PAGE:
@aircircle I think we’re just not talking about the same “use” of the word. Or maybe you refuse to associate the word “trigger” to addiction because it may look like you don’t have control over something that “trigger” you? I don’t know, but my point was just to underline that this word is legit to use in the context of addiction too. You think that the “craving” or “getting thirsty” isn’t due to an “neuro-chemical response” ? Sorry but it is. What we control is the cognitive-behavioral pattern that follow the neurological response. So when you say that trigger is an excuse, I think you’re referring to the response you’re gonna make when confronted to the trigger.
I just wanted to point this because now every time I hear or read someone using this word I know there’s people judging them for using it, when actually it’s reasonable and real. All this said, I’m totally on your side about the control part and the making excuses part: that we have control over, and we can literally change our brain, therefore our life, by doing so.
I just wanted to make sure about what I was assuming and saying so I made a quick research on the meta-data bases, and it seems that this term is used in different type of addiction. It made me realize that the research refer usually to the “craving” or the “cues” of drug/alcool as the trigger. Maybe this is why we were confusing in our respective uses of the term.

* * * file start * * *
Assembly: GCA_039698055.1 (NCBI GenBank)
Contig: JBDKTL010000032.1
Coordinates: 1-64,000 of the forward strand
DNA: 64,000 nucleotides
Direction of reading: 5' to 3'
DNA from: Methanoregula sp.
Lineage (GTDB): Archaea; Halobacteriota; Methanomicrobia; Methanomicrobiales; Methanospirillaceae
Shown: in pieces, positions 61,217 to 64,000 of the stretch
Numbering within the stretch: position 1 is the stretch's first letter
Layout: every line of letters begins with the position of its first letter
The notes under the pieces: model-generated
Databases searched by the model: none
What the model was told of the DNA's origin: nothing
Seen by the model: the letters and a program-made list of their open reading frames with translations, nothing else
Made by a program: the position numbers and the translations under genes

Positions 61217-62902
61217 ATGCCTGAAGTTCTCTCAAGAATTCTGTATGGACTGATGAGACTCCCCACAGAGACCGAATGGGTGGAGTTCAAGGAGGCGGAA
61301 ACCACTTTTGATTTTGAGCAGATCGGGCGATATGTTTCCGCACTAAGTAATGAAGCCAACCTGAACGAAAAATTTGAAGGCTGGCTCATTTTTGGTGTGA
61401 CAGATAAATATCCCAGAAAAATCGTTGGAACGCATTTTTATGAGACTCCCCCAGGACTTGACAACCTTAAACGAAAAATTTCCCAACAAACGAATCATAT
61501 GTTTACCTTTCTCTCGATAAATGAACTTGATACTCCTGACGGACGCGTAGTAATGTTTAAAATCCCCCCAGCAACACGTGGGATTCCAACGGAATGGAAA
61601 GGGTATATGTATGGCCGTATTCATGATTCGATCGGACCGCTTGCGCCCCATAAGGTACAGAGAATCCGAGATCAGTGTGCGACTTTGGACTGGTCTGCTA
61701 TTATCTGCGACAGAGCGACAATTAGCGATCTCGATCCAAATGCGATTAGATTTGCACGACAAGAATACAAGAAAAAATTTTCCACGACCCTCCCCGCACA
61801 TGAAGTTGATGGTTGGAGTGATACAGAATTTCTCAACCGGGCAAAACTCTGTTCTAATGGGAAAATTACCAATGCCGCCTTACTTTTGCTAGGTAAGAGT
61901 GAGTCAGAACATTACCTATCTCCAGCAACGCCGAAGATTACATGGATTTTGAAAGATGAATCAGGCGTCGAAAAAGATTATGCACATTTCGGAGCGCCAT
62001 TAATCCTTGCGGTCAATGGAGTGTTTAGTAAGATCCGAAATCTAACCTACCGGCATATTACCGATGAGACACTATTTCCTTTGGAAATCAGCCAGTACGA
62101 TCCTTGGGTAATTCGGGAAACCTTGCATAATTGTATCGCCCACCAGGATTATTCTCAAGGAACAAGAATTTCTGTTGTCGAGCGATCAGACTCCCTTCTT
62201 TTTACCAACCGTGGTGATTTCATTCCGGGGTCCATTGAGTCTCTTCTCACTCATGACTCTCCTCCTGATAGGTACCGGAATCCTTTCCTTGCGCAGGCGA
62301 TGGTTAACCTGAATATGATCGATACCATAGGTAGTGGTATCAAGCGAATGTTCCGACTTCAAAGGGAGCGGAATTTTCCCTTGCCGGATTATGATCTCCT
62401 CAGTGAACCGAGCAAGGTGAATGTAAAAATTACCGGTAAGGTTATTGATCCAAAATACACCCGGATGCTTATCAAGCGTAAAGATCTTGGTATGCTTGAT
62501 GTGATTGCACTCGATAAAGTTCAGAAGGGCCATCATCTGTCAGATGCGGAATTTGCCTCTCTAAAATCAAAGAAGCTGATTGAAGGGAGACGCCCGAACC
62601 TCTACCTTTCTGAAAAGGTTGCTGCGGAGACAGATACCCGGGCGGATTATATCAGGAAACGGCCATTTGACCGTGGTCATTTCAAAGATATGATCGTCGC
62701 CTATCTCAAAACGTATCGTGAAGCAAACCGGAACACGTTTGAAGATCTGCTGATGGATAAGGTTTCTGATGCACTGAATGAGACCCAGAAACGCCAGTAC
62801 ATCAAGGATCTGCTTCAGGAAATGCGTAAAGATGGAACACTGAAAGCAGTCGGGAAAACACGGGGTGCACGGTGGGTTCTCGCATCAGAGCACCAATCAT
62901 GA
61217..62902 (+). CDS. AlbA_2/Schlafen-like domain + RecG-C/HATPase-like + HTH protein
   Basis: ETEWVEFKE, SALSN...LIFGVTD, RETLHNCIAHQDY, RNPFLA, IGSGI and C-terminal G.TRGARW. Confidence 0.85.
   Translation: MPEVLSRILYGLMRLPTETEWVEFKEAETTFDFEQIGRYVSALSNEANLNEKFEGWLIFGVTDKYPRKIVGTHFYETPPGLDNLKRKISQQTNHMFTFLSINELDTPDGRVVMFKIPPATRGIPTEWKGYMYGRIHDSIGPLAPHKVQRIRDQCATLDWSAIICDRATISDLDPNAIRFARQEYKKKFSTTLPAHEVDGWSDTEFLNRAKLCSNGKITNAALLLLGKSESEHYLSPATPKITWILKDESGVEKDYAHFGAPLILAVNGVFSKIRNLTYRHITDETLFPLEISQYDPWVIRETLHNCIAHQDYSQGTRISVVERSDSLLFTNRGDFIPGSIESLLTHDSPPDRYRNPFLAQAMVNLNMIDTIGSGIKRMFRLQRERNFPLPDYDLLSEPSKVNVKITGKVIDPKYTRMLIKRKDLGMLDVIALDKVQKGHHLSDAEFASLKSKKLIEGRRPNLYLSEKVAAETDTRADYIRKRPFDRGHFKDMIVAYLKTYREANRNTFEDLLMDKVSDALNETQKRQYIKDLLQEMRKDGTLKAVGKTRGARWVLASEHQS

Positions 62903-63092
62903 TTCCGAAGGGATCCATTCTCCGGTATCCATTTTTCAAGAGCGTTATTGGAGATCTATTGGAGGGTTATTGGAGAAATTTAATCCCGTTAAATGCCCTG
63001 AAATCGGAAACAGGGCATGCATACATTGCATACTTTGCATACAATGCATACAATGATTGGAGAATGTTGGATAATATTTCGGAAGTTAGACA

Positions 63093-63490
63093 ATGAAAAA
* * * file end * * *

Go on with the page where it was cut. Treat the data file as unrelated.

I leave you with random citations I picked up to see the context the word is used in research.
Good day guys !
“Research asserts that environmental stress and alcohol cue exposure trigger and contribute to brain processes that may lead to relapse.” (Spencer et al., 2017)
“Drug‐reward cues trigger motivational circuitry, a response linked to drug‐seeking in animals and in humans.” (Regier et al. 2017)
“Heroin craving is a trigger for relapse and dropping out of treatment.” (Fareed et al., 2010)
“Cravings for alcohol are identified as a trigger for relapse.” (2006)
“Food addiction’ refers to the idea that certain highly palatable foods can trigger an addictive-like process in susceptible individuals” (Carter et al., 2019)